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When most people think of the biggest disasters in Chicago history, the Chicago fire, gang violence and different riots come to mind. One of the most overlooked disasters is the sinking of the SS Eastland, and a new documentary, with quite a few Evanston roots, is coming out to shed light on the worst loss of life in Chicago history.
Evanston resident and award-winning producer Harvey Moshman again partnered with Chuck Coppola to create a new documentary on the Eastland. This one tells the basics of the story as their 2001 documentary on the Eastland did, but takes a deeper dive into this tragic event.
The documentary will premiere close to the 104th anniversary of the sinking of the Eastland in the Chicago River, with the loss of hundreds of lives. The ship sank on July 24, 1915, and the world premiere of the documentary will be July 25, 2019 – 104 years and one day exactly to the date of the original incident.
In an interview with the RoundTable, Mr. Moshman gave some information about the disaster and the documentary.
The S.S. Eastland was one of five ships set to take employees of the Western Electric Company and their families and friends across Lake Michigan to Michigan City, Ind., on July 24, 1915.
By 7:30 a.m. that morning, the Eastland was docked near the Clark Street bridge at full capacity of around 2,500 passengers and crew. Soon the boat began to tip a little, and people realized they were in trouble. The captain tried to warn the passengers, but it was too late, and 844 people perished.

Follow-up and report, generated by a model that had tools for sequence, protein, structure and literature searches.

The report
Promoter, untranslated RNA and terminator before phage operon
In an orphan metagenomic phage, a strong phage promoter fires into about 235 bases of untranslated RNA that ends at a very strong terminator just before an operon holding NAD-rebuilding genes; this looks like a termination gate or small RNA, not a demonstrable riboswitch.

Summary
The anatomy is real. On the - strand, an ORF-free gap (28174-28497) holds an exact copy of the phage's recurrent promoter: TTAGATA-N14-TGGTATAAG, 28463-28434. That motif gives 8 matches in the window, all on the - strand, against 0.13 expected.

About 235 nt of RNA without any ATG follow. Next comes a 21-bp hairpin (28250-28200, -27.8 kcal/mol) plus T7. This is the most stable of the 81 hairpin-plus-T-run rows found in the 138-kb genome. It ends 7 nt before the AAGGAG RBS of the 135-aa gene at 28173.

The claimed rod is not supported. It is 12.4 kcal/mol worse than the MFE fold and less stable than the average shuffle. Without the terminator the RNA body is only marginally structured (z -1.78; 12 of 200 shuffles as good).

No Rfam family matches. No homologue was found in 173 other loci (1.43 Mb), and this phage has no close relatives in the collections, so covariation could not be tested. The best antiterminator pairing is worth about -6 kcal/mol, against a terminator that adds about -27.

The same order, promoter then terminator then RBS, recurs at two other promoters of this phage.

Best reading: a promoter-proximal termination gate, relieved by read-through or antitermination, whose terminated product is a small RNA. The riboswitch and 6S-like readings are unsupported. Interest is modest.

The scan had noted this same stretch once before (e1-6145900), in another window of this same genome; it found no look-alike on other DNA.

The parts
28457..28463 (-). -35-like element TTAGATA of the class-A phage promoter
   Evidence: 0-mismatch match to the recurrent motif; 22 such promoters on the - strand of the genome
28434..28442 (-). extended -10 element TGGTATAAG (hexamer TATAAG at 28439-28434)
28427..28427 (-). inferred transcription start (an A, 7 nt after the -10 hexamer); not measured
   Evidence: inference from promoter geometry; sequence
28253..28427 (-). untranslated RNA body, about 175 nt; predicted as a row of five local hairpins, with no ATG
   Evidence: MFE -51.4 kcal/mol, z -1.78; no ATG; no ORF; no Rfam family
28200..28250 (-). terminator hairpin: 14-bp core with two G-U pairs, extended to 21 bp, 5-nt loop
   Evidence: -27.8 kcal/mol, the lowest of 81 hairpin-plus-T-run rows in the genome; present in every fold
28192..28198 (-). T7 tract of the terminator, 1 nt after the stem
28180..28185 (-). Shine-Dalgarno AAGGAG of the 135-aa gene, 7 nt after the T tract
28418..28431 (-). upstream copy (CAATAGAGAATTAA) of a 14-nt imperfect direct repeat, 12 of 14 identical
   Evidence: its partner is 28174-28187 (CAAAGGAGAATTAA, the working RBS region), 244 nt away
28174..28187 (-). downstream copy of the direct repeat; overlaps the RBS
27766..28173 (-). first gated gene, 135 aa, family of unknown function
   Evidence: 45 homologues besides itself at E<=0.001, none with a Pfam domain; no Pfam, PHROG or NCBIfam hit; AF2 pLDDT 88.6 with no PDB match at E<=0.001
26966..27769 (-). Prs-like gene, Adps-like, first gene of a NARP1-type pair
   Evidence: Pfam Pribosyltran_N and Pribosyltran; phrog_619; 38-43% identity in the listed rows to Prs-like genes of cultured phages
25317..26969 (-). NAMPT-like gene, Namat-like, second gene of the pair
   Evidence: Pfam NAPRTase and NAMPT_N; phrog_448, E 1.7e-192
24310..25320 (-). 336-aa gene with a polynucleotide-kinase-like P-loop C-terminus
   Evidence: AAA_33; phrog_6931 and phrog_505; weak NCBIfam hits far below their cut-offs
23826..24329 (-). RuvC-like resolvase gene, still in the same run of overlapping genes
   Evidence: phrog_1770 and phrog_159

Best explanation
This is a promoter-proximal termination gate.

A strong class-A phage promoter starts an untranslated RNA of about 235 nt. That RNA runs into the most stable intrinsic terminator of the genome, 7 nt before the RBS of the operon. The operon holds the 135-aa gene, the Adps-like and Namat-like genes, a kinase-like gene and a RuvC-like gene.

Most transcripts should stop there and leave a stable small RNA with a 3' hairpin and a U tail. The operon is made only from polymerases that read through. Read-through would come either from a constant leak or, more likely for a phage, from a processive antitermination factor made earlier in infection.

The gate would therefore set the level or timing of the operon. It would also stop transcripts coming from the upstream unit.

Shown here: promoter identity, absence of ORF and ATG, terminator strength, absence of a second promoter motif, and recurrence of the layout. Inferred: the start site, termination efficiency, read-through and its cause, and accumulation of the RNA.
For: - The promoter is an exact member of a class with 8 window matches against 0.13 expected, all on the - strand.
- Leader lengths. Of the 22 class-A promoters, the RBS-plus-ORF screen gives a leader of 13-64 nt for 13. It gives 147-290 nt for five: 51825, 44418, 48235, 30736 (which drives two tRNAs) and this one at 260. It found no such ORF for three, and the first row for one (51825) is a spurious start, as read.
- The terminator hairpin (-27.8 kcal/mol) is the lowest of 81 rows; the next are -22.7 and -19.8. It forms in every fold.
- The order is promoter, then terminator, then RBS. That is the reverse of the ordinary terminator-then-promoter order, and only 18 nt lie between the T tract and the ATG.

One of the heroes of that unimaginably horrific day was 17- year-old Charles R. E. (who went by Reggie, pronounced with a hard “g”) Bowles. He worked in a motorcycle shop at Irving Park Road and Pulaski Avenue. The story of how he learned of this disaster is unclear. Newspapers were coming out every hour, but it would have taken 30 minutes to an hour for news to reach him that way. There is a good chance there was a phone call, but there were very few phones back then and there were only a couple, at most, on each block.
Regardless of how he heard, Reggie, nicknamed “The Human Frog,” motorcycled to the Clark Street bridge and dived in to help. He recovered 40 bodies.
While putting together this project, Mr. Moshman and his team found a replica 1914 motorcycle in Wisconsin. They bought it because it was cheaper than renting, Mr. Moshman said, and in a delightful coincidence, they found an Evanston license plate.
Even though this is Mr. Moshman and Mr. Coppola’s second documentary about the disaster that shook so many people, they were able to find new stories, like
that of Reggie.
“I had just finished another documentary … which was funded by the Chicago Marine Heritage Society,” said Mr. Moshman, “They were very happy with that, and I said if it’s incumbent upon anybody to do another version of the Eastland, it would be [with Captain David Truitt]. He agreed, and off we were running.”
This new documentary has some similarities to the first one, but it also brought along some new aspects and challenges.
Unlike the first documentary, which ran locally – and which ran annually on July 24 for 15 years, this one is scheduled to go national in the first quarter of 2020.